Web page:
The Soundtracks accompanying our lives

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Mark R and Mark F of Matt Bianco inspecting a handsome ruin.

A long time ago, in my teen and twens, I used to look down on the sort of adult who would go to see sixties and seventees revival concerts. Why would you want to see artists whose prime was obviously over and their live appearances only motivated by the need to make a couple of quick bucks, I asked myself. Why would you go and see these codgers when contemporary music offers you so many thrills?

Ah, the arrogance of youth.

By the time I turned thirty I had already been to my first eighties revival concert (ABC/Human League/Culture Club {brr}). So much for contemporary music. The next month I will be buying my 12th Matt Bianco album (no wanker jokes, please!) and tonight I will be seeing Incognito for the, er, eighth (?) time live on stage. I have caught myself listening to Radio 2 and even cheerfully chuckle to Terry Wogan’s jokes (sometimes) and have been seen violently raging against the humourless, misogynistic shite that is modern R&B. My Ipod is full of Steely Dan, Miles Davis, Mezzoforte, The James Taylor Quartet, The Style Council, Jazzanova and other acts that are way past their prime (or have just vanished into the ether).  If I ever would have to pick a song that has accompanied as long as I can remember it would be MB’s ‘Summer Song’. Sad? I don’t know.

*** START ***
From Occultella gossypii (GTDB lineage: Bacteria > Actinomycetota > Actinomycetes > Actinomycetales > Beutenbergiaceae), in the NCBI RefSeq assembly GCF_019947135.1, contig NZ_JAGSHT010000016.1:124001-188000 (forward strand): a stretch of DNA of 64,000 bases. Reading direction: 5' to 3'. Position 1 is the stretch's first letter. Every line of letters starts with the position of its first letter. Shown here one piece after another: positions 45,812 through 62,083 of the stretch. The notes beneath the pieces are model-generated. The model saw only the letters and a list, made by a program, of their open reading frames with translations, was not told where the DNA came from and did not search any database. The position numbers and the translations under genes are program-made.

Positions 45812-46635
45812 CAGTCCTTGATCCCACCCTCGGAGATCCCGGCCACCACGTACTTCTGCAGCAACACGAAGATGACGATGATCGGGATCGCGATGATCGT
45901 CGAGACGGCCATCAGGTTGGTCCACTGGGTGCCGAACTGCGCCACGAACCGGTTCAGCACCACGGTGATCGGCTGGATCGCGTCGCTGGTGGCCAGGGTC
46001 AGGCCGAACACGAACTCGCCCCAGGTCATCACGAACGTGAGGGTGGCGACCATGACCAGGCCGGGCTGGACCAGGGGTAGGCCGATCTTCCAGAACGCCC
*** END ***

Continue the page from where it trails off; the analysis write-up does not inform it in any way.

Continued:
There must be an explanation the humans get more set in their ways musically and prefer the comforts of the music that shaped them when they whippersnappers. I try to keep us as mucyh as I can with contemporary music, but apart from Hot Chip and the Klaxons I haven’t really discovered anything that suits my elevator music taste.  Is there are neurobiological explanation, or is this purely behavioural. It’s not that we can’t enjoy new things once we have hit thirty: books, movies, theatre, people, all these can be interesting and new and be added to the list of things we like and follow, but somehow music seems to be except from that list.

If anybody is aware of any qualitative or quantitative work on this, the sclerotic attitude of men > 30 on contemporary music, please pass them on to me.

I might just find out what is wrong with me.

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